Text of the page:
intravaginal torsion

in·tra·vag·i·nal tor·sion

torsion below insertion of tunica vaginalis, the most common type of testicular torsion. See: bell clapper deformity.
Farlex Partner Medical Dictionary © Farlex 2012
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Extravaginal torsion is frequently observed in undescended testicle cases and newborns while 95% of the testicular torsions are seen during puberty except newborn are in the form of intravaginal torsion. Few cases of intravaginal torsion in the neonatal period have been reported in the literature (2,3).
Right intravaginal torsion and testicular gangrene were observed during the exploration (Figure 2).
Testicular torsion beyond the neonatal period (1 month of age and older) is an intravaginal torsion. Intravaginal torsion involves twisting of the spermatic cord within the tunica vaginalis (but does not include the tunica vaginalis) and more commonly affects the left side (Basta et al., 2015; Jefferies et al., 2015; Sharp et al., 2013).
Neonatal torsion is more commonly an extravaginal torsion involving the spermatic cord, testis, and tunica vaginalis versus the more common intravaginal torsion involving only the spermatic cord and testis.
In extravaginal torsion, the spermatic cord and testis twist along with the tunica vaginalis, while in intravaginal torsion, the spermatic cord and testis twist inside the tunica vaginalis.
Our patient had intravaginal torsion which is observed more rarely.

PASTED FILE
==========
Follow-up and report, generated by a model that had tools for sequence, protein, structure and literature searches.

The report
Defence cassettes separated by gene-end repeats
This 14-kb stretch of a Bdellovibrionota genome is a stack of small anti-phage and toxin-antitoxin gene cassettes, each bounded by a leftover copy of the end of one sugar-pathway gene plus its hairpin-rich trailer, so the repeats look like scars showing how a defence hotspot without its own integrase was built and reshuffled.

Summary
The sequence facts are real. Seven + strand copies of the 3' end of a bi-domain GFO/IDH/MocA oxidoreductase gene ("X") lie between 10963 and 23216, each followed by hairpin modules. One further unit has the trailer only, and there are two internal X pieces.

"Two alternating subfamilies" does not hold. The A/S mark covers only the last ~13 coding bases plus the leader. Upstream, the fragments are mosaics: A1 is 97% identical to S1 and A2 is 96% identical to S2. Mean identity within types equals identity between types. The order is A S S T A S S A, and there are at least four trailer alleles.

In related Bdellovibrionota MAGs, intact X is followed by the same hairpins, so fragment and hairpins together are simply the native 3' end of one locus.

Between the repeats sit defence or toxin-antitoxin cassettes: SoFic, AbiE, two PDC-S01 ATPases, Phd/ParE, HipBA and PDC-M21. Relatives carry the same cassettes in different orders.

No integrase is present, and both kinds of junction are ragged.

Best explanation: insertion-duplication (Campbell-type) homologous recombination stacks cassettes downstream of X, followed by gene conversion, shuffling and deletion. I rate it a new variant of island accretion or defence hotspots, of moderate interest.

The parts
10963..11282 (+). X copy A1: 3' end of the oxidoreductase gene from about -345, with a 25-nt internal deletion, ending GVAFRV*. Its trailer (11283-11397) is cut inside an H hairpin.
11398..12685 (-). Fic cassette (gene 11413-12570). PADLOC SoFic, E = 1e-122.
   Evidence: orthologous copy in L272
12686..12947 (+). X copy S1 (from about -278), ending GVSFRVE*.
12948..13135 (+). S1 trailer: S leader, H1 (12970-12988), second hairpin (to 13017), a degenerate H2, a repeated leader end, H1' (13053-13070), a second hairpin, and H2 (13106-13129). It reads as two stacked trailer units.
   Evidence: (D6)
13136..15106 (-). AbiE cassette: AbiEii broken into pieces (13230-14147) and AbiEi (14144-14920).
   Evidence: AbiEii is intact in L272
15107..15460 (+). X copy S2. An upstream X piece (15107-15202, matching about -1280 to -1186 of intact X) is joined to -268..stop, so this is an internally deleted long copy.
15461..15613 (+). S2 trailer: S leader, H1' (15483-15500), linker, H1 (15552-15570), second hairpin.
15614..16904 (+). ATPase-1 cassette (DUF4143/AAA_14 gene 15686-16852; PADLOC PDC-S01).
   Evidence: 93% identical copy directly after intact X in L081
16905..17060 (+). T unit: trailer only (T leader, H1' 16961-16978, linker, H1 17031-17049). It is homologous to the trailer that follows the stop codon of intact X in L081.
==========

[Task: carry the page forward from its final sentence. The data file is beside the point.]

With intravaginal torsion, which is most common in the adolescent, all of the intravaginal contents torse except for the tunica.
The surgical exploration of the scrotum revealed a non-viable left testis with 1080-degree intravaginal torsion (Fig.
Intravaginal torsion is more common and is due to a bell-and-clapper deformity in which the tunica vaginalis has an abnormally high insertion on the spermatic cord and completely encircles the testis, leaving the testis free to rotate within the tunica vaginalis.
Testicular torsion presents in a bimodal age presentation, with extravaginal torsion occurring in the perinatal period and intravaginal torsion peaking in puberty, although the latter can be seen at any age.[sup.1]-[sup.3] It is unusual to see testicular torsion in the first few months of life, but it is still possible and it should be on the differential diagnosis list.
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